A tipical problem: I need to mill a slightly long part, let’s say, a 10x10x130mm bar. Sure, you can use the good Sherline vise and clamp the part by the middle, but vibration at the ends of the part is a problem.  So after getting inspired by this and this , I decided to build my own wide low profile vise.

Start point

First, I bought a pair of used step jaws. They are really high precision, and include two stop options. As I understand this jaw types are for Kurt type vises, the big brand in professional vises (of course my vise will be a joke compared to one of this vises, but that’s not the point).


Design specs were:

  • Low profile
  • 4″ wide
  • Interchangeable jaws (must fit my Kurt 4″ jaws of course).
  • Should have stops.
  • Should be able to be used in the X or Y axis.
  • Should not require clamps for installing.
  • For light duty work (well, this cover Sherline use).
  • And, of course, a simple design.

I choose 1/2″ tooling plate for the base and 1″ square bar stock for jaw supports. As always, after some draft drawings I began the building process.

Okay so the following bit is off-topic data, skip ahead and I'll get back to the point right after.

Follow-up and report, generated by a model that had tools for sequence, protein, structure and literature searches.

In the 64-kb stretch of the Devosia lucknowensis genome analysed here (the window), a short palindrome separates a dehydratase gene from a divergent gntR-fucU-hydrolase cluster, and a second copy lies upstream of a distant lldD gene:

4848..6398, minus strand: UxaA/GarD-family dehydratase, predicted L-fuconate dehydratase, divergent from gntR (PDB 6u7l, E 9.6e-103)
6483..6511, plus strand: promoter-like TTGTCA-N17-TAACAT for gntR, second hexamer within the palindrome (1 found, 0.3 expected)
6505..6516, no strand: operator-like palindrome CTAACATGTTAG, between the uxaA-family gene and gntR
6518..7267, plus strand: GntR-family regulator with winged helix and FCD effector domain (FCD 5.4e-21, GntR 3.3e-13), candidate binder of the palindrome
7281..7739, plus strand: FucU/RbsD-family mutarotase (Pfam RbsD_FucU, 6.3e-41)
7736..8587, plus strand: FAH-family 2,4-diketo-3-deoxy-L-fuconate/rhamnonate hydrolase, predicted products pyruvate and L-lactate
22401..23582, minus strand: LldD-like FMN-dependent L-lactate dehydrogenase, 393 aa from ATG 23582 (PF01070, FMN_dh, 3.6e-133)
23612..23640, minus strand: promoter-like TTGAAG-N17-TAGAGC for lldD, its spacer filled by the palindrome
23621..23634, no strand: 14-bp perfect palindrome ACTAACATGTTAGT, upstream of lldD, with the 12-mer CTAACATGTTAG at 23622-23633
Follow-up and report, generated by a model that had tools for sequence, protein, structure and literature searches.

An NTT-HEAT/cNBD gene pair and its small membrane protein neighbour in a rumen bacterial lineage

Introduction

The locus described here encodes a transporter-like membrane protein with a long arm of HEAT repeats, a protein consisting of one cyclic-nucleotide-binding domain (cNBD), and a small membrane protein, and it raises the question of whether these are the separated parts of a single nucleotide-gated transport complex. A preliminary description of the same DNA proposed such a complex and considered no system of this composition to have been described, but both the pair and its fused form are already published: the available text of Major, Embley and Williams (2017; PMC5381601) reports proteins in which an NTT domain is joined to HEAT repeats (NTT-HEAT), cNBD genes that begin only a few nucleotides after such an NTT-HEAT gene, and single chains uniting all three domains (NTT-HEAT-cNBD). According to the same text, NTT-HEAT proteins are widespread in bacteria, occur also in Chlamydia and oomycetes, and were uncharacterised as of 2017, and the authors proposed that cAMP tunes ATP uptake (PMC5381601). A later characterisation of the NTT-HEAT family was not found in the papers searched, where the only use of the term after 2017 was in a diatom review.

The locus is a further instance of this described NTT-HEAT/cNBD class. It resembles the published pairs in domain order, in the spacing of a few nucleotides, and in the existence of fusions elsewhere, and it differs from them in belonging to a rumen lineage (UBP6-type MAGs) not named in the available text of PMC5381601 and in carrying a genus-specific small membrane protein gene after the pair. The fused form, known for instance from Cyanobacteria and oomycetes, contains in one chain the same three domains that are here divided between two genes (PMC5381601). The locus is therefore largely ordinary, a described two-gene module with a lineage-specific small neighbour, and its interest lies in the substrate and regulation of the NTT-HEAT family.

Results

Main steps in building this thing were:

  • Cutting to size and squaring the base plate
  • Milling T slots (easier than what I expected).
  • Cutting and squaring jaw supports.
  • Drilling a lot of holes (harder than what I expected).

Some parts appears in previous posts. Here are some pics.

And here’s the assembled and installed vise.


After clamping an aluminum bar I found a problem: front and back supports lift about 0.5mm after tightening; it seems aluminum over aluminum lifts, but t-nuts remains fixed. So after that I add a key to the fixed jaw support (previous pics show that); at least this will allow to keep alignment.

Installing it’s a bit tricky, as two of the clamping screws go below the back jaw support.

How much clamping force? I don’t know, but at least I was able to raise the whole mill holding the clamped bar with both hands (I was not able to take a picture of this). That’s enought to me. Here are my vise and the Sherline one.

Tightening looks, at first, a bit troublesome, as this requires to tighten 8 screws, but anyway it’s a less than a minute process, so I can live with that.

Final Toughts

Sure, this is a light duty vise, but I love the step jaws, the stops and the fact it’s low profile.

I must admit I would have like a larger back for the movable jaw support, but space limitations led me to the actual design.

This vise can be used to clamp small flat plates, but a simpler solution for this are Dave Hylands Fly Cutting Clamps. They are the best practical design I’ve seen fot this type of clamps, so for sure I will anotate this in my long list of some-day-I-will-do projects.

Chuck spider